Grace: A Guide to making a good first impression

Any management veteran will tell you that as you walk into a room with new people, it is important to crack that first impression. It is also a much proven and repeated fact that 93% of communication happens through body language - a solid amalgamation of eye contact, handshakes and grace.

This Tuesday's agency meeting was my first one on this brand. As I walked in early, I saw three agency reps in the room, new faces for me. From my brief exposure to the corporate lifestyle here at P&G, I knew self-introduction was useful and expected as well.

My colleague Lipi was already seated, nibbling gracefully at a pastry (remember the body language tip?) and sipping her drink. The agency folks, curious about the new face in the room, looked at me and smiled. Hence I smiled back at them, sliding the laptop on the table next to Lipi. As I did that, Lipi's styrofoam cup, so solidly resting on the table by the weight of the water in it, got tipped over.

I watched the water, glistening under the bright fluorescent lights, meander gently towards a cavity full of plug points. As it evoked images of sparks and short-circuits, another doubt popped in my head. Should I forgo my original plans of strong handshakes and cheerful eye contact? The answer was clearly no.

So I proceeded with the self-introduction, devoting one-tenth of my attention to the water spillage. After all, a fire hazard would have been quite unpleasant for the whole meeting. The agency folks, polite sparkling people as they are, appeared quite concerned about the water and one fumbled inside her purse for tissues. "Oh don't worry, Lipi will take care of it" I said; and with the same bounding confidence shook hands and absorbed each person's name.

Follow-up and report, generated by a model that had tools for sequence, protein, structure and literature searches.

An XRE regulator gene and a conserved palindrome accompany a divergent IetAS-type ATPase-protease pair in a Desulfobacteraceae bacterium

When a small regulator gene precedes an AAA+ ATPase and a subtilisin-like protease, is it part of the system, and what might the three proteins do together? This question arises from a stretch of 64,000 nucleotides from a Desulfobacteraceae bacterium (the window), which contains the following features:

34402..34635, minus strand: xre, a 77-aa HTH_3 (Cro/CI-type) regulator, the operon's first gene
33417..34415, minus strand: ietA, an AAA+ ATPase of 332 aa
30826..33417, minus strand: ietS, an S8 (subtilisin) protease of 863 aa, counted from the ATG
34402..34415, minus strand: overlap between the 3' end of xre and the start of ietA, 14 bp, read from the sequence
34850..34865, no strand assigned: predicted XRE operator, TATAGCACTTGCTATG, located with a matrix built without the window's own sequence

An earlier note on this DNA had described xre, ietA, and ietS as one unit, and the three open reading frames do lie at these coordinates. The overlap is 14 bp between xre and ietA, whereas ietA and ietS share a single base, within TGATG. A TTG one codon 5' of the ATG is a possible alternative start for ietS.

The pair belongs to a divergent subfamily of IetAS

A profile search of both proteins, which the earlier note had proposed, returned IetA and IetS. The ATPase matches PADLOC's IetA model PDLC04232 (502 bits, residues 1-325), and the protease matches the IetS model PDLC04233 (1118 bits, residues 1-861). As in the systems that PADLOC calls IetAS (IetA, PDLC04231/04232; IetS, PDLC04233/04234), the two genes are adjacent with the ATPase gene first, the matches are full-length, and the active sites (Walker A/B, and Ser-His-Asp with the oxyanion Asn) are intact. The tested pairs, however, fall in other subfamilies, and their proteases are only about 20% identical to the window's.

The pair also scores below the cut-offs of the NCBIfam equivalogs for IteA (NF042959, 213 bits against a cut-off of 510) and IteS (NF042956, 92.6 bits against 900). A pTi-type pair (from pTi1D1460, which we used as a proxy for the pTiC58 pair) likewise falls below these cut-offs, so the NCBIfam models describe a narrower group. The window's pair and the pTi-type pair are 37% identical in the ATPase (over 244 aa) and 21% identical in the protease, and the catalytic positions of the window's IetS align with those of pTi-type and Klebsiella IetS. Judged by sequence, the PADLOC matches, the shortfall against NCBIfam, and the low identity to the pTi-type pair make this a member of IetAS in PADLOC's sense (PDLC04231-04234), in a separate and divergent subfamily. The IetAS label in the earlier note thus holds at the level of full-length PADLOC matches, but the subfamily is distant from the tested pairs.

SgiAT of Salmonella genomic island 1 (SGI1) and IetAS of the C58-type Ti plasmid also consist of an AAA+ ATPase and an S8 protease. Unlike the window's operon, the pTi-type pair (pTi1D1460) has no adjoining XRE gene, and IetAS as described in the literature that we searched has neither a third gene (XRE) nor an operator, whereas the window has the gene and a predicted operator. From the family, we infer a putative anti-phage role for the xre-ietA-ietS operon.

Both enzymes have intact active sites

During this time Lipi rushed out, appearing soon with a crumpled bunch of tissues in her hand. Deftly, she planted them over the major blobs of water. Defeated by Lipi's fortitude, the water hid inside a million tissue pores. The tissue, serving its ephemeral purpose of existence, extinguished and turned limp. It was all quite fascinating to watch.

Exhausted with Lipi's efforts and straining to remember three new names, I sighed and sat down, pushing the laptop away to rest my elbows.

It was at this moment that I happened to tip over the water cup, again. Given, it did not possess copious amounts of liquid like before, thus lacking its former potential for causing sparking damage. But nonetheless, it served its symbolic purpose of sparking chaos.

Lipi glowered at me. Thankfully, in her panicked state a minute ago, she had managed to bring in some extra tissues. I admit, that this time I could have taken over the cleaning act. But as she had done such a splendid job of cleaning up the first mess, I thought it was worth observing all over again.

So I sat besides Lipi as she gracefully wiped the table. I chose to give determined nods of appreciation. After all, such social mis-etiquettes, messing up everyone's time and table, can be quite embarrassing. A bit of encouragement is always helpful in these situations. And I must admit she handled it with utmost poise.

The meeting went off fine. We discussed, we debated and then went back to our normal work. In the end I found it heartening that apart from our business acumen, the agency also saw a fine display of teamwork, a can do attitude with a sprinkling of 'no crying over spilt water' values.

Like I said, it's all about the eye contact, strong handshakes, and of course, grace.

Found this to be useful? Here are some previous guides:
Rubik's Cube: A Guide to not appearing Stupid
A Guide to Girlie Shopping (by a guy)


  1. Eye contact, strong handshakes & grace. I'll add to it - remaining cool, calm & composed.

    It would be very easy to panic in such situations. However, maintaining the right frame of mind helps! :)

  2. awesome wrtiting style!

    loved it!

  3. Hi,
    This is my first blog post, thought of sharing with you and ur follwers. Please have a read



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